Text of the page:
Mike Nelson learns of a derelict mine which has drifted into a California harbor.





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Episode complete credited cast:
Joe Dominguez ...
Eugene Iglesias ...
Rodolfo Hoyos Jr. ...
Harbor Captain (as Rodolfo Hoyos)
Ana Maria Majalca ...


Mike Nelson learns of a derelict mine which has drifted into a California harbor.

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Action | Adventure




Release Date:

31 May 1958 (USA)  »

Company Credits

Production Co:

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Technical Specs


Sound Mix:

(Westrex Recording System)

Aspect Ratio:

1.33 : 1
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User Reviews

Plot Summary for "Magnetic Mine"
17 February 2006 | by (United States) – See all my reviews

The plot of "Magnetic Mine" centered around a dispute between local commercial fishermen and a kelp harvesting barge. The fisherman blamed the kelp harvester for poor catches. The fishermen discover an old World War Two mine in their nets, and drag it to the kelp bed. They are, of course, hoping that the kelp harvester will hit the mine and blow up. In true fashion, Mike Nelson saves the day.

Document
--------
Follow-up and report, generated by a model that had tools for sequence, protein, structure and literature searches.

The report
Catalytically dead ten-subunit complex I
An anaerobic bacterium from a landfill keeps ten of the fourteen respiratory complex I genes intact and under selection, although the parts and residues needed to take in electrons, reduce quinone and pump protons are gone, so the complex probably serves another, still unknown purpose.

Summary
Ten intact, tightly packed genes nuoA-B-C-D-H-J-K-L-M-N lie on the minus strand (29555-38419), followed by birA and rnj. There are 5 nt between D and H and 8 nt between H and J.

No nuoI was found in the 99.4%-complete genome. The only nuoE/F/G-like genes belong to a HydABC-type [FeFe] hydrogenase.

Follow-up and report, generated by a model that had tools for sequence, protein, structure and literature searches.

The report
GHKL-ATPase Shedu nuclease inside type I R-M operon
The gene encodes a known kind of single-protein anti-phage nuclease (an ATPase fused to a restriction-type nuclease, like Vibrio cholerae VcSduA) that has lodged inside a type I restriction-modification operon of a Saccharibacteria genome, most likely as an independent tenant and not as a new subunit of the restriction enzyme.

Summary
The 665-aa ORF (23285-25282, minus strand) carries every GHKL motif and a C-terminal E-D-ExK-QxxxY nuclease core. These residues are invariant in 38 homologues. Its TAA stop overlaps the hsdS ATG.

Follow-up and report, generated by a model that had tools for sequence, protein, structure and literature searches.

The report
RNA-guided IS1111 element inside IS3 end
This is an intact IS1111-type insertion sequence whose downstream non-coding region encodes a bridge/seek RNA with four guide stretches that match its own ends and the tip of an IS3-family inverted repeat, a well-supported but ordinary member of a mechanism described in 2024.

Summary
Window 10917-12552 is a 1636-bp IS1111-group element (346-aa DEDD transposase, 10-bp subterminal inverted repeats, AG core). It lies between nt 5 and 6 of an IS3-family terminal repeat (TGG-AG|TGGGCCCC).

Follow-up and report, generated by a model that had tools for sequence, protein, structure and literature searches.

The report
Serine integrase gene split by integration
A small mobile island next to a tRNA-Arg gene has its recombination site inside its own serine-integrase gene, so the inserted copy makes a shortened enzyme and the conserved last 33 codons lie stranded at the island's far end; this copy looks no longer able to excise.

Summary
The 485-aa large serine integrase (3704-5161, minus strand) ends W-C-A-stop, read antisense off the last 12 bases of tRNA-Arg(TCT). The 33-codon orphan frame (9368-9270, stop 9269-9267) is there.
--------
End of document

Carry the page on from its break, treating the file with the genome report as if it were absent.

I haven't seen the episode in years, but I remember that much of the episode was filmed at the Port of Hueneme, California. My father was the manager of Kopco, Inc., which harvested and processed kelp. The kelp harvesting barge "Kopco Star" was depicted in the episode, and the Kopco processing plant was used for exterior shots. I was about 5 years old then, and with great excitement was able to watch the filming, including a fight scene where stunt men back-flipped off the dock into the water.

Shortly after this episode was filmed, the strange-looking Kopco Star sank in the Santa Barbara Channel, but its three-man crew was rescued by a passing freighter. A few years after that, Kopco's replacement vessel, the "Ellwood", sank with the loss of all hands.

Port Hueneme, in the late 50's, was a sleepy fishing village that shared the harbor with a small navy base. As a kid, I spent many hours fishing, crabbing, and making a general nuisance of myself amongst the Portuguese and Italian fishermen.

Today, the sleeping fishing village has been replaced by a busy, modern commercial port. Fresh halibut, mackerel and sardines have been replaced by Toyotas and bananas. The small homes and businesses have been torn down to make room for million-dollar condominiums. They call it "progress".

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